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Stability of RNA isolated from post-mortem tissues of Atlantic salmon (Salmo salar L.)

By Paul J. Seear and G.E. Sweeney

Abstract

Studies of post-mortem interval on the stability of RNA from a number of various mammals have shown RNA to be stable for between 24 and 48 h following death. As yet there have been no studies looking at RNA stability in post-mortem tissues of poikilothermic fish. Brain, kidney, liver and muscle were collected from Atlantic salmon (Salmo salar) parr and samples of each tissue were placed into RNAlater (TM) after 0-24 h post-mortem storage at room temperature. Electrophoretic analysis of the total RNA showed degradation of ribosomal RNA only in muscle from 8 h onwards. Probing of northern blots with beta-actin showed that, in the brain, beta-actin mRNA was stable for 24 h post-mortem but degradation of mRNA was observed after 8 h with the kidney and liver and after 4 h with the muscle. Expression of the weakly expressed thyroid hormone receptor beta (TR beta) was detected by reverse transcriptase polymerase chain reaction (RT-PCR) in all tissues up to 24 h post-mortem although a reduction in PCR product was observed after 8 h with muscle and 24 h with kidney. Analysis with an Agilent 2100 Bioanalyzer showed that the RNA integrity number (RIN) of brain total RNA remained constant for 8 h post-mortem with only a small fall at 24 h post-mortem. The RINs of the remaining tissues indicated degradation at 8 h post-mortem with kidney and muscle and at 24 hours post-mortem with liver. Taken together these findings show that degradation of Atlantic salmon RNA is tissue dependent but stable for at least one hour post-mortem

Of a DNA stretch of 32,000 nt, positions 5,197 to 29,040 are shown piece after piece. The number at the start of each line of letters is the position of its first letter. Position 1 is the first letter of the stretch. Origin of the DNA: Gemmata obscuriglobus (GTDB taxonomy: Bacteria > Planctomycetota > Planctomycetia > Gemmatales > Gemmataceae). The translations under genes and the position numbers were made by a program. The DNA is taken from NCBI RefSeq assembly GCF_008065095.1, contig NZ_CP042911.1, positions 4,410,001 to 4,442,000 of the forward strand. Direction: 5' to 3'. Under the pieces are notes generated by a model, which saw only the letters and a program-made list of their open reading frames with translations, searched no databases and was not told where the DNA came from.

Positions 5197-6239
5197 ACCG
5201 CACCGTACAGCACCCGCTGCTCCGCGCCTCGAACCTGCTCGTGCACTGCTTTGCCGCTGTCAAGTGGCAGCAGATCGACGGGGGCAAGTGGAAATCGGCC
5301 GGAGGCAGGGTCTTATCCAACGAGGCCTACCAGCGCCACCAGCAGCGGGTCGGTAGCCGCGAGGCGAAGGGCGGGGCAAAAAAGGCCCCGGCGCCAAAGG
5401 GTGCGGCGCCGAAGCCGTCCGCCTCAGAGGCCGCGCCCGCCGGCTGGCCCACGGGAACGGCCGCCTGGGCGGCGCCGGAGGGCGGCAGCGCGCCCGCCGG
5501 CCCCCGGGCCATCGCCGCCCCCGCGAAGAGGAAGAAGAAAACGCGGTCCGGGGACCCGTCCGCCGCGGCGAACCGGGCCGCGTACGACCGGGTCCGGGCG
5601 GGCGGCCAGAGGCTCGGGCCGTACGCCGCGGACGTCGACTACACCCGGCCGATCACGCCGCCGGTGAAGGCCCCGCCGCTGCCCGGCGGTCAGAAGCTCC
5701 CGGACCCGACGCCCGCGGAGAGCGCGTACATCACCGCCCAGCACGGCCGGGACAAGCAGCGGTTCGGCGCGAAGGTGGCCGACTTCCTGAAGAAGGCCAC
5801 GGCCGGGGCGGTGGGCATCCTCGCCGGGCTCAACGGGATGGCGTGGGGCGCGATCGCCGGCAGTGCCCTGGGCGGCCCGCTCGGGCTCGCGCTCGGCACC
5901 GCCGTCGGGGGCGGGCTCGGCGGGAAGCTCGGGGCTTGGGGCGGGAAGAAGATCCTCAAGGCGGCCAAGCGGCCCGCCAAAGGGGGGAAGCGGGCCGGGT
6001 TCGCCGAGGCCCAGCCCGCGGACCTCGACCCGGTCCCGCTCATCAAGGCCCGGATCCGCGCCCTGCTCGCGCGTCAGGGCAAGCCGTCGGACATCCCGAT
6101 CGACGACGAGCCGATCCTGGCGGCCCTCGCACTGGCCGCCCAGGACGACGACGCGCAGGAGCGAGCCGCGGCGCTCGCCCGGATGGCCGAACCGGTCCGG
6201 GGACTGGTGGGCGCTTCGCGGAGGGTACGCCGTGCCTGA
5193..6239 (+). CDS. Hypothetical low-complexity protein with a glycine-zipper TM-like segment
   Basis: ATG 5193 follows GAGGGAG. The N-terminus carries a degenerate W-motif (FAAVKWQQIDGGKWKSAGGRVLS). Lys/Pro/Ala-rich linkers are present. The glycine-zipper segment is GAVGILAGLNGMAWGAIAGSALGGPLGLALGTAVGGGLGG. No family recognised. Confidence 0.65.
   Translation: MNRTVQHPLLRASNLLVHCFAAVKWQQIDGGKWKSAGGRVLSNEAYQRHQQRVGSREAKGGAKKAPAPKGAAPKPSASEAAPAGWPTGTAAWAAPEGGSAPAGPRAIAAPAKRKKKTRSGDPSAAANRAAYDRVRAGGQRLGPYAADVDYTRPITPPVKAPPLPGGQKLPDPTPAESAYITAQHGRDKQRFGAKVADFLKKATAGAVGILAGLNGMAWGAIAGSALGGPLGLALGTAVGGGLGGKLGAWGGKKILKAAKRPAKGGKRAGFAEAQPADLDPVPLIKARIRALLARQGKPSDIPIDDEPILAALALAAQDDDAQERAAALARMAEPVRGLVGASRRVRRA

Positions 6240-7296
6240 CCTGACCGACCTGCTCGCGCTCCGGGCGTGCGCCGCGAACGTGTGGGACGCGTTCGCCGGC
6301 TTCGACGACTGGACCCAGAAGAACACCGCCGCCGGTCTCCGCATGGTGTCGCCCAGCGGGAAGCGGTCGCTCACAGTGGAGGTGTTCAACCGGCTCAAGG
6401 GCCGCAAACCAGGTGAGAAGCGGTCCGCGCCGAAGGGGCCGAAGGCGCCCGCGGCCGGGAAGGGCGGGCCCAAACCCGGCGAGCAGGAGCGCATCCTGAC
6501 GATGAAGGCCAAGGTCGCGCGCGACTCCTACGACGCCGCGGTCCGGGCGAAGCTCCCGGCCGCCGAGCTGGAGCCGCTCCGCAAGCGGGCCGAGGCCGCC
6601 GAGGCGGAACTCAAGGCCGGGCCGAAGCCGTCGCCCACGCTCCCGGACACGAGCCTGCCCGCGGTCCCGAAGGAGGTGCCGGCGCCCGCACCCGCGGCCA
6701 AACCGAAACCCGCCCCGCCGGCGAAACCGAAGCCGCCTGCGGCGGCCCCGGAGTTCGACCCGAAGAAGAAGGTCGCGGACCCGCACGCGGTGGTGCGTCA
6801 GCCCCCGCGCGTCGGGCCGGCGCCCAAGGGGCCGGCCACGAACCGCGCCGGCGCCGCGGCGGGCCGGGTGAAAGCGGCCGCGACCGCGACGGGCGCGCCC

Topics: Marine Sciences, Biology and Microbiology
Publisher: Springer
Year: 2008
DOI identifier: 10.1007/s10695-007-9141-x
OAI identifier: oai:nora.nerc.ac.uk:11617
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